Timing aspects of systems from a variety of computer science domains have been treated independently by different communities. Researchers interested in semantics, verification, and performance analysis study models such as timed automata and timed Petri nets, the digital design community focuses on propagation and switching delays, while designers of embedded controllers have to take account of the time taken by controllers to compute their responses after sampling the environment. Timing-related questions in these separate disciplines do have their particularities. However, there is a growing awareness that there are basic problems that are common to all of them. In particular, all these sub-disciplines treat systems whose behaviour depends upon combinations of logical and temporal constraints; namely, constraints on the temporal distances between occurrences of events.
The aim of FORMATS is to promote the study of fundamental and practical aspects of timed systems, and to bring together researchers from different disciplines that share interests in modelling and analysis of timed systems. This year again, FORMATS aims at being more inclusive with respect to applications, notably real-time systems and emerging directions such as data science. Typical topics include (but are not limited to):
- Foundations and Semantics: Theoretical foundations of timed systems and languages; comparison between different models (timed automata, timed Petri nets, hybrid automata, timed process algebra, max-plus algebra, probabilistic models).
- Methods and Tools: Techniques, algorithms, data structures, and software tools for analyzing timed systems and resolving temporal constraints (scheduling, worst-case execution time analysis,optimization, model checking, testing, constraint solving, etc.).
- Applications: Adaptation and specialization of timing technology in application domains in which timing plays an important role (real-time software, hardware circuits, and problems of scheduling in manufacturing and telecommunication).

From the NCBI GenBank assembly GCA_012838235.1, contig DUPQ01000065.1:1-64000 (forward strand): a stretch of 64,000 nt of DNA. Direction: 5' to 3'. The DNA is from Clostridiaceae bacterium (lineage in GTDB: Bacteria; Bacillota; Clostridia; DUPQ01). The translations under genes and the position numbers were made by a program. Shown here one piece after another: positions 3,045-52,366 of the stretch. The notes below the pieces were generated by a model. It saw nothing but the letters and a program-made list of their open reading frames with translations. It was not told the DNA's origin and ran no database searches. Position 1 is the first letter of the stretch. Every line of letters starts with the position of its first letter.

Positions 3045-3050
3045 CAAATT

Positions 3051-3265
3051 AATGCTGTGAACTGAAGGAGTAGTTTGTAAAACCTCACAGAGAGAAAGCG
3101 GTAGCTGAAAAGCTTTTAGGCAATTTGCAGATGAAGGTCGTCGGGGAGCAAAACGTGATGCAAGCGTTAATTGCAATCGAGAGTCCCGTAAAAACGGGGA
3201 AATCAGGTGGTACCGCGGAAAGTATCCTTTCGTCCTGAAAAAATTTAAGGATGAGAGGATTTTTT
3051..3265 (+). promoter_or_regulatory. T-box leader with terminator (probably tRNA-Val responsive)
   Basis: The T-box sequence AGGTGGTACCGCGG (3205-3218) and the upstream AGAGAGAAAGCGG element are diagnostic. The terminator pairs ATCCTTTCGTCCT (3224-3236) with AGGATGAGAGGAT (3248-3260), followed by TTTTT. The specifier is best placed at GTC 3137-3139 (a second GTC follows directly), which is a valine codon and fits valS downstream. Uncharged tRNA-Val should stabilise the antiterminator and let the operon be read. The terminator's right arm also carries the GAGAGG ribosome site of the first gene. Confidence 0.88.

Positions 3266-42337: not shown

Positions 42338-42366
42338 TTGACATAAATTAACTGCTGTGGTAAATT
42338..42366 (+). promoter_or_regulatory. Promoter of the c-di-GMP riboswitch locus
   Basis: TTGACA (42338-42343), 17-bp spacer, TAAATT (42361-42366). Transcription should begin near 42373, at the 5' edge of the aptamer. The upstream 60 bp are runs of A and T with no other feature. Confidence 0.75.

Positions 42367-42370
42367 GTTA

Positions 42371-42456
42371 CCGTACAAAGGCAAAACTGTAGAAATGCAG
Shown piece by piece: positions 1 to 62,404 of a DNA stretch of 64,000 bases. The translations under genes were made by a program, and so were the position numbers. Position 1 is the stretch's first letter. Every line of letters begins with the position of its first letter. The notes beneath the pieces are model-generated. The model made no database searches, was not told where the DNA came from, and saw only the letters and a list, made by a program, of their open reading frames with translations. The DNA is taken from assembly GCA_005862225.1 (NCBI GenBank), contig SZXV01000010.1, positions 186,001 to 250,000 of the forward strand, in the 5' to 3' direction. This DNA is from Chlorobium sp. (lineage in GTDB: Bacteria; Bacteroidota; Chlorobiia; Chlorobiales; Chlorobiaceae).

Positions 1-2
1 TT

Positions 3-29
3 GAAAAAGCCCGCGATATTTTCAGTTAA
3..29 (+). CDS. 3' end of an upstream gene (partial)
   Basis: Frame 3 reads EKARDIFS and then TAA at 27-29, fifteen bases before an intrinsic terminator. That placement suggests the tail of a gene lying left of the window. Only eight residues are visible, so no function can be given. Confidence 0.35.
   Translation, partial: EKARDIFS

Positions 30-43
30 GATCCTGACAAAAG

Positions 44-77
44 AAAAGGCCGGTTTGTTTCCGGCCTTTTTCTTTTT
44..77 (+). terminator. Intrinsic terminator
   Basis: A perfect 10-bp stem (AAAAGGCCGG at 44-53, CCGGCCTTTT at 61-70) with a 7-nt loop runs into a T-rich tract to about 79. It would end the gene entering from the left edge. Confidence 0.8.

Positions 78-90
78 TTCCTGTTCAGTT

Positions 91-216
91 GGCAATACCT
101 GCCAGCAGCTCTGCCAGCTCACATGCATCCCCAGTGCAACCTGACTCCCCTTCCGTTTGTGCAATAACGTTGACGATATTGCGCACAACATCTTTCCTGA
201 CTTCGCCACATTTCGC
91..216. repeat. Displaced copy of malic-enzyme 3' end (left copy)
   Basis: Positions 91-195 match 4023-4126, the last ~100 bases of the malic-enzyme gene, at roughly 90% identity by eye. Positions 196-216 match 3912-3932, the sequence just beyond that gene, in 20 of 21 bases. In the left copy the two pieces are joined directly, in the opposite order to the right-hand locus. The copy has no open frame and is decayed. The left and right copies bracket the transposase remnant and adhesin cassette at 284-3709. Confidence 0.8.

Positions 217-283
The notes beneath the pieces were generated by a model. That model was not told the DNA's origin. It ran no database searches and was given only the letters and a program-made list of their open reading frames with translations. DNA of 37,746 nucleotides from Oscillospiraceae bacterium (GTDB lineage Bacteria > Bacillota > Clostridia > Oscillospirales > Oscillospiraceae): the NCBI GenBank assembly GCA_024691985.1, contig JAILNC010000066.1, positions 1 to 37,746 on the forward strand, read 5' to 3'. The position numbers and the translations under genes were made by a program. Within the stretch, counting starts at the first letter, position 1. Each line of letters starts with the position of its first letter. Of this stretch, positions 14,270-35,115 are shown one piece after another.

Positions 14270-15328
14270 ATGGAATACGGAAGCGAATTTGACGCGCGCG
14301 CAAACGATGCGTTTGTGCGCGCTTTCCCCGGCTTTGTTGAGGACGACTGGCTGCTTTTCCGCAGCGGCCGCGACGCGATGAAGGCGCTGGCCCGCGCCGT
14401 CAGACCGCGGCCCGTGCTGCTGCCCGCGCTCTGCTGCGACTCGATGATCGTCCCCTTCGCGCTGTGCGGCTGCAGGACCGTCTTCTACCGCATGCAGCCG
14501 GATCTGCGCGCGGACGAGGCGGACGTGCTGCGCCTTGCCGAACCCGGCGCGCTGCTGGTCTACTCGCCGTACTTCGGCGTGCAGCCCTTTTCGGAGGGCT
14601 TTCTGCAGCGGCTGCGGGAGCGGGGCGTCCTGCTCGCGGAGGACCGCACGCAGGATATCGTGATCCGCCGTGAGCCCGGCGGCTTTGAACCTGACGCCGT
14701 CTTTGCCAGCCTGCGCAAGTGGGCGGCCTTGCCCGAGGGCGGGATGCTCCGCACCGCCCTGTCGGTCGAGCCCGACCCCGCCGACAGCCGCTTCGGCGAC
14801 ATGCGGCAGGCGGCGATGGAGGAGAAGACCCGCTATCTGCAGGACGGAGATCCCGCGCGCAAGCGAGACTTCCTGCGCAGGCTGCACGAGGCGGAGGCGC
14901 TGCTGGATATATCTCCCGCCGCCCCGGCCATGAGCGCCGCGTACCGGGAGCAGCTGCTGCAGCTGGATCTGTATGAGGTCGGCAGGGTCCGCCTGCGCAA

This year, FORMATS additionally encourages submissions in two particular topics.
- Data-driven methods for timed systems: (chaired by Guillermo Alberto Perez) We are interested in all kind of data-driven methods such as machine learning or automata learning that consider timing aspects. Examples are automata learning for timed automata or reinforcement learning with timing constraints.
- Probabilistic and timed systems: (chaired by Arnd Hartmanns) Real-time systems often encompass probabilistic or random behavior. We are interested in all approaches to model or analyze such systems, for instance through probabilistic timed automata, or stochastic timed Petri nets.
FORMATS 2020 solicits high-quality papers reporting research results and/or experience reports related to the topics mentioned above. Submitted papers must contain original, unpublished contributions, not submitted for publication elsewhere. The papers should be submitted electronically in PDF, following the Springer LNCS style guidelines. Regular papers should not exceed 15 pages in length (excluding references, that are therefore not limited), and short papers (for instance describing case studies, or implementations) are limited to 5 pages (again excluding references). Each paper will undergo a thorough review process. If necessary, the paper may be supplemented with a clearly marked appendix, which will be reviewed at the discretion of the program committee. Papers will be submitted electronically via the EasyChair online submission system:
Publication and best paper award
The proceedings of FORMATS 2020 will be published by Springer in the Lecture Notes in Computer Science series. The best paper of the conference will be awarded the Oded Maler Award in Timed Systems.